Hair constitutes a very considerable article of commerce, especially since the fashion of wearing wigs has prevailed among all ranks, and has lately been extended to both sexes. The hair of this, and other northern countries, is preferred to that of the southern climates of Italy, France, etc. The chief qua-lity of hair consists in its being well fed, as it is termed by hairdressers, so that it be neither too coarse nor too slender. Hence thick hair is less susceptible of the artificial curl, and is disposed to frizzle ; but, if it be too delicate, it will retain the curl only for a short time. The length of good hair is usually estimated at '25 inches ; and, in proportion as it is shorter, it becomes less valuable. There appears to be no stated price for this article; as, according to its quality, it is sold at from 5s. to 5l. per ounce: it pays, when imported, a duty of 2s. 41/2d. per lb. - With respect to the various operations which hair undergoes previously to being manufactured into wigs, we trust the reader will excuse our silence.
Hair, in farriery, is commonly called the cant ; and, with respect to horses, merits particular consideration. The hair growing on the fetlock, serves as a defence to the prominent part of it, when the animal is travelling on rough, stony roads, or in frosty weather. If the hair on the neck and more exposed parts be close and smooth, it may be concluded that the horse is in health.
To render the hair of this useful animal fine and glossy, it is necessary that he be kept warm at heart, as the least internal cold will render the hair rough; he should also be frequently sweated, in order to loosen the dust and filth, which render his coat foul ; and while he is hot, all the white foam, sweat, etc. that rises on his skin, ought t6 be carefully scraped off. The smoothness of a horse's hair, it is said, may also be considerably promoted, by rubbing his own blood over him for two or three days after it has been drawn; he is then to be well curried and dressed, in consequence of which, his coat will become as soft and glossy as if it had been covered with a fine var-nish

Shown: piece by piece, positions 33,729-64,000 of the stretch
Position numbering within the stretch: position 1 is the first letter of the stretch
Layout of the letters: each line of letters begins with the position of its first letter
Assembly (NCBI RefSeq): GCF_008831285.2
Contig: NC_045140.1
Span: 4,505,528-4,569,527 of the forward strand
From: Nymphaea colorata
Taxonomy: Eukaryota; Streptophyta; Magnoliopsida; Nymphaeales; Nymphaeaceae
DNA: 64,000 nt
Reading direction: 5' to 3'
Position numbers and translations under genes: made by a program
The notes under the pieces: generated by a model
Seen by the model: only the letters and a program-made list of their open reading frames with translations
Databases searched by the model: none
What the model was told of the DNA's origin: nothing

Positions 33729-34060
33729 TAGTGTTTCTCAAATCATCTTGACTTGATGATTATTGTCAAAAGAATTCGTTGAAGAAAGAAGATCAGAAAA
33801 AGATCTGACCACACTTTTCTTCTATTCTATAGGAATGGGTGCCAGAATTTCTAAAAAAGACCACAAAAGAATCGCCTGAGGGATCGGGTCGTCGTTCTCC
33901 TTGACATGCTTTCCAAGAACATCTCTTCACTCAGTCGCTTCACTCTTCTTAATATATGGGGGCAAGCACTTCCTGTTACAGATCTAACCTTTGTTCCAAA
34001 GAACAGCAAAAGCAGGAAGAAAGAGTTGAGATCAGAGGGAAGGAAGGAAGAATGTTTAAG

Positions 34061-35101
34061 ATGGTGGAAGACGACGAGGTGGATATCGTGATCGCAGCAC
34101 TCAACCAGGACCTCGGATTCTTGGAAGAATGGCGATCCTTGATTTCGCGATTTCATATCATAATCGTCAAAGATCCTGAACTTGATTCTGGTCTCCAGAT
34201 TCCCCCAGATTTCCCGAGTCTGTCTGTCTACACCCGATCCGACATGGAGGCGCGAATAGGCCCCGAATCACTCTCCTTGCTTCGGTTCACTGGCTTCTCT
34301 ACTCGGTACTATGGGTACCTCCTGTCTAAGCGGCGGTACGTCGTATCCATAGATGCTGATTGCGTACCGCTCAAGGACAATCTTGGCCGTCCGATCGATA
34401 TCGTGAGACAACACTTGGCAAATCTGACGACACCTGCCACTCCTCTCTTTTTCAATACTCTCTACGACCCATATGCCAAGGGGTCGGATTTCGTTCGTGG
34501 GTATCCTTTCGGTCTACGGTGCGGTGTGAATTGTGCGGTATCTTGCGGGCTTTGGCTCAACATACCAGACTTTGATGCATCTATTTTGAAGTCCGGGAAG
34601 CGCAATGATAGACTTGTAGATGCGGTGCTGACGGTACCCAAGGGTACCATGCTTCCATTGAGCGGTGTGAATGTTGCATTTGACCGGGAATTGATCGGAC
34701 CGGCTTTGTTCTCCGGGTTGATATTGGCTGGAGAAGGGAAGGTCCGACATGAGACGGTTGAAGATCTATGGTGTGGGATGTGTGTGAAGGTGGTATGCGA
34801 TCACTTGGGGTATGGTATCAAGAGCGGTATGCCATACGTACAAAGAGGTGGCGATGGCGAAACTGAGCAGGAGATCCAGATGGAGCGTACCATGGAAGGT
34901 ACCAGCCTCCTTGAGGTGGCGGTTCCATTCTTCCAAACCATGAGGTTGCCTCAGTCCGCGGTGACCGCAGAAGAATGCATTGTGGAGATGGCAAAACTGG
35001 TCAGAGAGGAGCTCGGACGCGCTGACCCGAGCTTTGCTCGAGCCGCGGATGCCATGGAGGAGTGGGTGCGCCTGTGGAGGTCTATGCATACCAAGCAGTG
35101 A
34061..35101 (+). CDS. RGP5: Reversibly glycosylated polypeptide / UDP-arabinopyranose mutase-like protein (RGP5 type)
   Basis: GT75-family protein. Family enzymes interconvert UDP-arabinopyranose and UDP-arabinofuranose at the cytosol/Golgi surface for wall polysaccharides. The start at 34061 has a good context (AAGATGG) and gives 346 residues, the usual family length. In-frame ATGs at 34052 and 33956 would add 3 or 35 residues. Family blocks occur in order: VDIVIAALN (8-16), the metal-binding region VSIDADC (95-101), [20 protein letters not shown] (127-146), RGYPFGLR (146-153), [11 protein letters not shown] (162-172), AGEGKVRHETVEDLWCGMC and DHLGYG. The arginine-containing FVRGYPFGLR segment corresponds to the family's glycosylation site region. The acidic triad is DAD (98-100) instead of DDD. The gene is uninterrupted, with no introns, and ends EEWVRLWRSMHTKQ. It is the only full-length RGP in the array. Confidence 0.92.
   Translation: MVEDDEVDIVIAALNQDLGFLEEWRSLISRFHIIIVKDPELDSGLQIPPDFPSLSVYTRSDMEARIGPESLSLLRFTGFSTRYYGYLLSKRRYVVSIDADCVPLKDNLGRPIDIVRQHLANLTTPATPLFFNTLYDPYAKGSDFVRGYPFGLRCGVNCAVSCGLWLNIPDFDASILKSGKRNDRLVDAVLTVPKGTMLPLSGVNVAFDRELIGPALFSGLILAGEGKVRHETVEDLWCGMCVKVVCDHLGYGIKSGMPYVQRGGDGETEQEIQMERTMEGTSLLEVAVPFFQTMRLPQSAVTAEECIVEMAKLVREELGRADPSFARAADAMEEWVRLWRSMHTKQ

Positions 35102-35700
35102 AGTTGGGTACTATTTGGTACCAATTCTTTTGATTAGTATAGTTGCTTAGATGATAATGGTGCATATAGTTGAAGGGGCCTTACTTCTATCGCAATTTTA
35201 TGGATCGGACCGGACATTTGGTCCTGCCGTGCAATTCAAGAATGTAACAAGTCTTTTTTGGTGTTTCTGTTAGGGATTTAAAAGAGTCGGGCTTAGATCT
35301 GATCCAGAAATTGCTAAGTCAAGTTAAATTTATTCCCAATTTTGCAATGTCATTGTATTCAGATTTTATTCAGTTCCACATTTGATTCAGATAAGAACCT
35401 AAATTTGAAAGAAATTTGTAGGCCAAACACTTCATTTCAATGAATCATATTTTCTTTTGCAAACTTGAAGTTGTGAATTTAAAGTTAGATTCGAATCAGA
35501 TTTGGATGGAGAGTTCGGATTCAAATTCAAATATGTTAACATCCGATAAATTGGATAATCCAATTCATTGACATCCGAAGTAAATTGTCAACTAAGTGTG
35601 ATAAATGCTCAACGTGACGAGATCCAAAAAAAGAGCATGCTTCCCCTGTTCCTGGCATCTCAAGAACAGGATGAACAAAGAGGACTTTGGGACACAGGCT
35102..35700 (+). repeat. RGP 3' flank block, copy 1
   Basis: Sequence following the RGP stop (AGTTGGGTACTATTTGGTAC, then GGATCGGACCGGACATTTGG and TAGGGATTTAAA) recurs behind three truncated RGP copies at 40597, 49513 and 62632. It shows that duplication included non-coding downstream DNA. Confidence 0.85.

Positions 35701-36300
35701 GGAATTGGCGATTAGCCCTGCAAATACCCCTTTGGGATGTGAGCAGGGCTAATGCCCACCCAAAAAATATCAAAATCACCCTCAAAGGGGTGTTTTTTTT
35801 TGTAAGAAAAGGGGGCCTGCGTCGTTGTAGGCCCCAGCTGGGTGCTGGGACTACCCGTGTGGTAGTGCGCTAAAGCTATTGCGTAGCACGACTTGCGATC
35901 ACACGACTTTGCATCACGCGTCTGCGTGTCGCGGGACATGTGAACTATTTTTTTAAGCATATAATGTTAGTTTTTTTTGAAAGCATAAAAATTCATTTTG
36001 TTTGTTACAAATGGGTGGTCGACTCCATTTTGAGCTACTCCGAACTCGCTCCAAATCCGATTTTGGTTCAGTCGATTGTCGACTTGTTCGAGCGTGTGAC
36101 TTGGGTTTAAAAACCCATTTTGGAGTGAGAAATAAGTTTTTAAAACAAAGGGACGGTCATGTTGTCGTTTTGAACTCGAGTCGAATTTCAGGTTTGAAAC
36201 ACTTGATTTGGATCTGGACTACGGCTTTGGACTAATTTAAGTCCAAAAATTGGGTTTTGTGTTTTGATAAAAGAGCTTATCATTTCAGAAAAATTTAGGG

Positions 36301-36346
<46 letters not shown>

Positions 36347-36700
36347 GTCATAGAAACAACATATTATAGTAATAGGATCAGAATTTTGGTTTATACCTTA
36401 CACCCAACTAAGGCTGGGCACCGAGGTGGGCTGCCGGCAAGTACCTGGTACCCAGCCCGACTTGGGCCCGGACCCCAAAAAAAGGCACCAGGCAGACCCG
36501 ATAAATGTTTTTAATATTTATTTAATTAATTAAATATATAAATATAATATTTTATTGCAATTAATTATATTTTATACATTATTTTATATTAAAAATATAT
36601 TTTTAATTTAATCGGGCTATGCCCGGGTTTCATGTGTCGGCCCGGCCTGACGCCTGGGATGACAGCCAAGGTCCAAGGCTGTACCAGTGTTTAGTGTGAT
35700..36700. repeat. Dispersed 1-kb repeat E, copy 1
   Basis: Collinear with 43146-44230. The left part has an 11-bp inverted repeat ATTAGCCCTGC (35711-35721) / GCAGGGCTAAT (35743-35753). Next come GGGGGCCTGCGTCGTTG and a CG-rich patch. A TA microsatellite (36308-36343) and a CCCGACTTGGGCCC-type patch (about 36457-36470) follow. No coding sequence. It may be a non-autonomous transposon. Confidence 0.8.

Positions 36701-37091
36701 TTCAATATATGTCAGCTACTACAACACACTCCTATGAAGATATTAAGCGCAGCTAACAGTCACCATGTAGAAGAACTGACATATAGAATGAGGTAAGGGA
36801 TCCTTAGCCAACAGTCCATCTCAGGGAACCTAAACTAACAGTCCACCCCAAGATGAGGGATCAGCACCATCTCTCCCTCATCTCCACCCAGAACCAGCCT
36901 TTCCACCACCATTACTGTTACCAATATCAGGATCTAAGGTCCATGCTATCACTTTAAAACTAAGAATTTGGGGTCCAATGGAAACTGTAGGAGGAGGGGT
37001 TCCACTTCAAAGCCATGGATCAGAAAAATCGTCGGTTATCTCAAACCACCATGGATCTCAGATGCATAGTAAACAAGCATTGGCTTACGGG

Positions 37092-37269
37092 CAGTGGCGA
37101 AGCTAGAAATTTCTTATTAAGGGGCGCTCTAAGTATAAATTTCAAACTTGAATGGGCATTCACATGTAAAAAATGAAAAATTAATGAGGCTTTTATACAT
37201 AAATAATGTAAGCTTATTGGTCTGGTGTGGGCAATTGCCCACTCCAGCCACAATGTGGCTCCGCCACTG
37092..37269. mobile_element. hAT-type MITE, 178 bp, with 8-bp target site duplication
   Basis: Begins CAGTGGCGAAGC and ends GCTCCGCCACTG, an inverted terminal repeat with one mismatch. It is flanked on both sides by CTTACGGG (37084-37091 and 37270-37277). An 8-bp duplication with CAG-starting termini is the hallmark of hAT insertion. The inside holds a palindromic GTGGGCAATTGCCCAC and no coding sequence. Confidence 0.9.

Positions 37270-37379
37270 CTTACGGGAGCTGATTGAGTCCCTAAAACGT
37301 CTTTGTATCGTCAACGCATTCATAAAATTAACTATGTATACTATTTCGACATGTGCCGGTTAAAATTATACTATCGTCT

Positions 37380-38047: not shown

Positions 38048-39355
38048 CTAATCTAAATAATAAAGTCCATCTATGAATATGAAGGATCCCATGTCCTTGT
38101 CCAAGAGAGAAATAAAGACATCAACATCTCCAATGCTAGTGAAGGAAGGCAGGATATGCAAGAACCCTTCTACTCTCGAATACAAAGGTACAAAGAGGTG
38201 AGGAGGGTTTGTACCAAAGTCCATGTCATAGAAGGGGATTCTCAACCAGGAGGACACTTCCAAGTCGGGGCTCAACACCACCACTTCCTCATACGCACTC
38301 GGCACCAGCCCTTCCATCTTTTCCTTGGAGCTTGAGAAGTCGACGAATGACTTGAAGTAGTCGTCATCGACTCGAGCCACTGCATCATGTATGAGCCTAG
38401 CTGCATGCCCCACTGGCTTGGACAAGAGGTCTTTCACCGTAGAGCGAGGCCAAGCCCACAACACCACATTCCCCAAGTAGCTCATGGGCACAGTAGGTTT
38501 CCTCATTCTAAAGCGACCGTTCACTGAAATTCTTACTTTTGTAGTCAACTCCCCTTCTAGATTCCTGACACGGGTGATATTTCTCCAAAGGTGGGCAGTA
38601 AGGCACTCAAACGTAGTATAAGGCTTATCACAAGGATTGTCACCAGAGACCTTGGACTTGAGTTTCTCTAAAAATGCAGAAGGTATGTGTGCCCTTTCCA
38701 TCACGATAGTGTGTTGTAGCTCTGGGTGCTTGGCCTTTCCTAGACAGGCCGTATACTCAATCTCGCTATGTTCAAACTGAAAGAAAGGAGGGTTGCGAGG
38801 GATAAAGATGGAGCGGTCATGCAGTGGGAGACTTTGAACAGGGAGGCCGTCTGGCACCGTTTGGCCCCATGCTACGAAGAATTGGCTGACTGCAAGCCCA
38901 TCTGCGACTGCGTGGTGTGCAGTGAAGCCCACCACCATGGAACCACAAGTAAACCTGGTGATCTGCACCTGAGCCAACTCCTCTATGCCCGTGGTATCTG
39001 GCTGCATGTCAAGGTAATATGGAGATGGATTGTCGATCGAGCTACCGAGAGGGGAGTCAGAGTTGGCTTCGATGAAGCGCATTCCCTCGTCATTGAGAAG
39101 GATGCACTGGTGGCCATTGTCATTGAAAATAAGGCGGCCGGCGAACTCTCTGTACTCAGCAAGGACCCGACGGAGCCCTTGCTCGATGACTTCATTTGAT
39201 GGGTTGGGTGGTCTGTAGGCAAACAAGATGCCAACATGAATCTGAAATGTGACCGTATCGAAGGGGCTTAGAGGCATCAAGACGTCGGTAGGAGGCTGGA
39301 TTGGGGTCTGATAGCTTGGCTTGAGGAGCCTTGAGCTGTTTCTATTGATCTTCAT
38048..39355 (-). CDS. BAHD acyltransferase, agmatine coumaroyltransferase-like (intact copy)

The hair of a horse's mane and tail is apt to fall off, especially if they have been suddenly over-heated, so as to engender, what is called in the language of the stable, the dry-mange. A similar effect will follow, after he has been surfeited, so that the foul humours are repelled into those extremities of the body. To remedy such disgusting appearance, the horse'* mane, etc. should be anointed with black soap, and the animal washed with a strong ley prepared of wood-ashes. If, nevertheless, a canker arise on the animal's tail, it will be requisite to apply diluted oil of vitriol, which will corrode, and prevent it from making farther progress.
Horse-hair likewise forms a considerable article of trade ; it pays on importation a duty of about 11d, per lb. and is partly employed for weaving the covers of the seats of chairs, sofas, etc. but principally for the stuffing of bolsters and mattresses. For the last men-tioned purposes, the hair is pre-viously baked, and, in that state, forms one of the most elastic couches, which is incomparably su-perior to the softest, but enervating, feather-beds.